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By The Rev. CHARLES G. FINNEY
RELATIONS OF MASONRY TO THE CHURCH OF CHRIST
We are now prepared to consider the question of the relation of Freemasonry to the Church of Christ. On this question I remark:
lst. God holds the church and every branch of it, responsible for its opinion and action in accordance with the best light, which, in his providence, is afforded them. This, indeed, is law universal, equally applicable to all moral agents, at all times and in all places. But at present I consider its application to the Church of God. If any particular. branch of the church has better means of information, and therefore more light on moral questions, than another branch, its responsibility is greater, in proportion to its greater means of information. Such a branch of the church is bound to take a higher and more advanced position in Christian life and duty, to bear a fuller and higher testimony against every form of iniquity, than that required by less favored and less informed branches of the church. They are not to wait till other branches of the church have received their light, before they bear a testimony and pursue a course in accordance with their own degree of information.
2d. While Masonry was a secret, the church had no light, and no responsibility respecting it. Although individual members of the church, were Freemasons, as a body, she knew nothing of Masonry; therefore she could say nothing of it, except as its results appeared to be revealed in the lives of individuals; and, in judging from this source of evidence, the church could not decide, if the lives of the members were good or bad, whether it was Freemasonry that made them so; because, of its nature, designs, principles, oaths, doctrines, secret practices, she knew nothing. Hence God did not require the church to bear any testimony on the subject as long as Masonry was a secret. The world did not expect the church to take any action, or to bear any testimony on the subject, as long as Masonry was a thing unknown, except to the initiated. In those circumstances the unconverted world did not expect any testimony from the church, and they had no right to expect it. The well-known fact, that many professed Christians were Freemasons, was then no disgrace to the Church of God, because the character of Freemasonry was not known.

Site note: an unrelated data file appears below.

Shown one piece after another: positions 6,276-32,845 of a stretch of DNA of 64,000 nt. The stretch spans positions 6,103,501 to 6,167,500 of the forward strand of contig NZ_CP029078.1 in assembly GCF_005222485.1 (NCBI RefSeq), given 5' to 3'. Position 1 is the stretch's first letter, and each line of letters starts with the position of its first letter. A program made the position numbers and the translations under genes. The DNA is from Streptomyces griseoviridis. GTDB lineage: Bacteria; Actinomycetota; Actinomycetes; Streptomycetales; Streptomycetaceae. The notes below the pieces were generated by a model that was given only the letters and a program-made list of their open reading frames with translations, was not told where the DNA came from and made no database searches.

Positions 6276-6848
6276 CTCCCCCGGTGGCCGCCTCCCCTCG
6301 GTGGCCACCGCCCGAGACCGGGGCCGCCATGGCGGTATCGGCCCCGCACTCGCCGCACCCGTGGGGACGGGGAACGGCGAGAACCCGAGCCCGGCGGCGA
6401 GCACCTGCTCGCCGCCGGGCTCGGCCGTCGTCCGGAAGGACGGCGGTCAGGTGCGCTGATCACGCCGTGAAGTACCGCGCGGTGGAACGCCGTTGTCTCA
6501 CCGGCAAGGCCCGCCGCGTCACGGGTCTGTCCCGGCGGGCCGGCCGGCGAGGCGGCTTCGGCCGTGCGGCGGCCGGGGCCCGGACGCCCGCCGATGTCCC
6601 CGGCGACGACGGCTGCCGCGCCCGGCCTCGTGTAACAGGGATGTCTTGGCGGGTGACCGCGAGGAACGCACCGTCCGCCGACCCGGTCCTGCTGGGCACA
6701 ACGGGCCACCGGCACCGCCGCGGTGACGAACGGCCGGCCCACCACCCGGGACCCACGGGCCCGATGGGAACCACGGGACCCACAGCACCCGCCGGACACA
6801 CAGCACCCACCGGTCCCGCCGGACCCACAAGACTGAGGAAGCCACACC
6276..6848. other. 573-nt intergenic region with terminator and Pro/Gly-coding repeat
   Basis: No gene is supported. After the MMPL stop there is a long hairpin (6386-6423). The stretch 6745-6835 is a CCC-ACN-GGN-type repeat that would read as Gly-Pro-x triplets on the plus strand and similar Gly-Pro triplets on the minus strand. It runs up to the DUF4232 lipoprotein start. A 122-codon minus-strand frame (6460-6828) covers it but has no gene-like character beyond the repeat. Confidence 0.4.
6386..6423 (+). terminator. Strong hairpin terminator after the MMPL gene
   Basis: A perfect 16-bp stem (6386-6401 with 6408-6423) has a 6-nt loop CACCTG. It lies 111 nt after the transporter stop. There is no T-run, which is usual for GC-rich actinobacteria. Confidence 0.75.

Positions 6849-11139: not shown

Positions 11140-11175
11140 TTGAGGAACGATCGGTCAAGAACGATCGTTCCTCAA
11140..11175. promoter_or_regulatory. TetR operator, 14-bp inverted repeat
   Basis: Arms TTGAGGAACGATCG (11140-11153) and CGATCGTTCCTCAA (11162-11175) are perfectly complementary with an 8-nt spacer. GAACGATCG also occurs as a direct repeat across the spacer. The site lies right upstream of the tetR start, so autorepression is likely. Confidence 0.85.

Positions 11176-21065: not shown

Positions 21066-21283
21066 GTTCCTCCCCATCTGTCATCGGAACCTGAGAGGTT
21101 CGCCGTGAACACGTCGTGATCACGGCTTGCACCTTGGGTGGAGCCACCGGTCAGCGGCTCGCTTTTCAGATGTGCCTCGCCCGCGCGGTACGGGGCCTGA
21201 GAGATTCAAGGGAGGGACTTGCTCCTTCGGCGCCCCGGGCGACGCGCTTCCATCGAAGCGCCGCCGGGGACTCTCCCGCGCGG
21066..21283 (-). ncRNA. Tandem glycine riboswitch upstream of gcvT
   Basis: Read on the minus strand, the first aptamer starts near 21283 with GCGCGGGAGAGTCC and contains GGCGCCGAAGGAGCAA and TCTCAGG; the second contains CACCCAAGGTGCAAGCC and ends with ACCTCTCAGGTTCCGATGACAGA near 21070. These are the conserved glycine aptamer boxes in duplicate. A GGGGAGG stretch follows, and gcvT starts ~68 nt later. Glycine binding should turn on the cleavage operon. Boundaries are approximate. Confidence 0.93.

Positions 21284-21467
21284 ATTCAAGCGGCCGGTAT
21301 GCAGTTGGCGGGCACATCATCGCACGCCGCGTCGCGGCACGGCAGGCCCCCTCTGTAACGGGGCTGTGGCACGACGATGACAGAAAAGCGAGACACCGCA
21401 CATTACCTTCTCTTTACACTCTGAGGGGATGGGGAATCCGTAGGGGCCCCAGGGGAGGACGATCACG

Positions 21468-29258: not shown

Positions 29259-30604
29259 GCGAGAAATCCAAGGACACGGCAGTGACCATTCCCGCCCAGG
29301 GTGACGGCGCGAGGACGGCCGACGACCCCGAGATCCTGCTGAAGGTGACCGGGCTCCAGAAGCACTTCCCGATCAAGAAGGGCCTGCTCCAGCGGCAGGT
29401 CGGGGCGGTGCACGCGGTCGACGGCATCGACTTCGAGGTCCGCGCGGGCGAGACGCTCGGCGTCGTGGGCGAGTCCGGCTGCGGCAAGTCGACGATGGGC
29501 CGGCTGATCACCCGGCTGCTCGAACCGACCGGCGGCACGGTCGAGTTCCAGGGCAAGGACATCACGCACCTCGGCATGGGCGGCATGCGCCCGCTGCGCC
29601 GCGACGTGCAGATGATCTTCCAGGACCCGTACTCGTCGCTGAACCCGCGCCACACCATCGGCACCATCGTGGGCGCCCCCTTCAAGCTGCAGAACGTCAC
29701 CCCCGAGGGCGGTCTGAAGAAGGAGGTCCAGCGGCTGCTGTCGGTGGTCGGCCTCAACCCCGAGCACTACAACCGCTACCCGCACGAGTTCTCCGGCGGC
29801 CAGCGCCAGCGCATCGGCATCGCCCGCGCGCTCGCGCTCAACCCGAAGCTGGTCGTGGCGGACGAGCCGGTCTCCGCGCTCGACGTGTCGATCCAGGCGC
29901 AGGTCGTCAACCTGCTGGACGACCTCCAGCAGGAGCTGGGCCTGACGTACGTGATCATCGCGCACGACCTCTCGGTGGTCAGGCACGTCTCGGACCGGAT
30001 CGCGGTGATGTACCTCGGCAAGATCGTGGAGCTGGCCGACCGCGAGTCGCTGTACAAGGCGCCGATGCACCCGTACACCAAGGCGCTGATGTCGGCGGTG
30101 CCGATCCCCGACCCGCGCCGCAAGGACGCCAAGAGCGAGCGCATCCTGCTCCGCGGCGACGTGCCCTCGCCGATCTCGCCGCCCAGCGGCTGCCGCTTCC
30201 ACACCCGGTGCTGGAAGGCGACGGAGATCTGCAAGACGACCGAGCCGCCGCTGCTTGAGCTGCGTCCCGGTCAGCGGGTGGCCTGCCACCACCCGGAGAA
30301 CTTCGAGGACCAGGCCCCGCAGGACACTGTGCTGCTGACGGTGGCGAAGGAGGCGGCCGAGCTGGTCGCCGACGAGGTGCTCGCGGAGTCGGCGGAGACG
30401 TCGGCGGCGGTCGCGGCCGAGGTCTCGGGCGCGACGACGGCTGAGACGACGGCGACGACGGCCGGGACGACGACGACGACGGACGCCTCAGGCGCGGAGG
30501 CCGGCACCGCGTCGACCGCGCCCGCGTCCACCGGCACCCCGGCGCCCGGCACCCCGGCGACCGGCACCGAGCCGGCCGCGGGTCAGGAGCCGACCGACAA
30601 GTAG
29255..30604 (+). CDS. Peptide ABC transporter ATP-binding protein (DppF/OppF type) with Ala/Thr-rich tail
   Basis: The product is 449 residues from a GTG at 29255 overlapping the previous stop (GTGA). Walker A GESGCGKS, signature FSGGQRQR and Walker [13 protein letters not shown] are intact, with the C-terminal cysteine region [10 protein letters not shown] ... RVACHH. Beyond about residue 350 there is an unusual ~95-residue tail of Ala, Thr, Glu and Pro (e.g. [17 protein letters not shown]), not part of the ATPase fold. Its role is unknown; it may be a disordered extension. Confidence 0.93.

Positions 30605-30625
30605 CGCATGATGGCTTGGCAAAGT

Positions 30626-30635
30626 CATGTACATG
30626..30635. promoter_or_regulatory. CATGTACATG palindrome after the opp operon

3d. But the state of the case is now greatly changed. Freemasonry is now revealed. It is no longer a secret to any who wish to be informed. Its nature, character, aims, oaths, principles, doctrines, usages, are in print, and the books in which they are revealed are scattered broadcast over the land. As long ago as 1826, Wm. Morgan published verbatim the first three degrees of Masonry. That these degrees were faithfully published as they were known, and taken in the lodges, no man can truthfully deny. Two, or more spurious editions of this work have been published, for the sake of deceiving the public. To obtain a correct edition of this work is at present difficult. Just previous to the publication of this work, EIder Stearns, a Baptist minister, and a high Mason, one who had taken many Masonic degrees, a man of good character who is still living, had published a volume entitled "An inquiry into the nature and tendency of Speculative Freemasonry." In 1860 the same author published a volume entitled "Letters on Freemasonry, addressed chiefly to the Fraternity," with an appendix. He has recently published another volume entitled "A new chapter on Freemasonry." Soon after the publication of Morgan's book, already referred to, a body of seceding Masons, appointed a committee of sixteen, if I do not mistake the number, upon which committee were several ministers of Christ, to prepare and publish a correct version of forty-eight degrees of Freemasonry. Elder Bernard had taken a large number of degrees, I know not exactly how many. The degrees ordered to be published by this committee were carefully collected and arranged and published under the following title, "'Light on Masonry;' A collection of all the most important documents on the subject of Speculative Masonry, embracing the reports of the western committees in relation to the abduction of Wm. Morgan, proceedings of conventions, orations, essays, etc., etc., with all the degrees of the order conferred in a Master's lodge as written by Capt. Wm. Morgan, all the degrees conferred in the Royal Arch Chapter, and Grand Encampment of Knights Templar, with the appendant orders as published by the convention of seceding Masons, held at Leroy, July 4th and 5th, 1828. Also, a revelation of all the degrees conferred in the Lodge of Perfection and fifteen degrees of a still higher order, with seven French degrees, making forty-eight degrees of Freemasonry, with notes and critical remarks by Elder David Bernard, of Warsaw, Genesee County, New York, once an intimate Secretary of the Lodge of Perfection. This book soon passed through seven editions. An eighth, but an abridged edition, has been recently published in Dayton, Ohio." Since the publication of Bernard's book, a volume has been published, entitled "Richardson's Monitor of Freemasonry;" being a practical guide to the ceremonies in all the degrees conferred in Masonic Lodges, Chapters, Encampments, etc., explaining the signs, tokens and grips, and giving all the words, passwords, sacred words, oaths, and hieroglyphics used by Masons. The ineffable and historical degrees are also given in full. By Jabez Richardson, A.M. In this book are published sixty-two Masonic degrees, with diagrams of lodges, and drawings representing their signs and ceremonies. Brother Avery Allyn has also published a large number of Masonic degrees. The question of the reliability of these works, I have discussed in a previous number. I am a little more particular in naming them in this place, for the information of those who have not seen the books. The substantial accord of all these authors, and their reliability, seems to be established beyond all reasonable question. Now, since these revelations are made, and both the church and the world are aware of what Masonry really is, God demands, and the world has a right to expect, that the church will take due action and bear a truthful testimony in respect to this institution. She can not now innocently hold her peace. The light has come. Fidelity to God, and to the souls of men, require that the church, which is the light of the world, should speak out, and should take such action as will plainly reveal her views of the compatibility or incompatibility of Freemasonry with the Christian religion. As God's witnesses, as the pillar and ground of the truth, the church is bound to give the trumpet no uncertain sound, upon this question, that all men may know, whether, in her judgment, an intelligent embracing and determinate adhering to Freemasonry are compatible with a truthful profession of religion.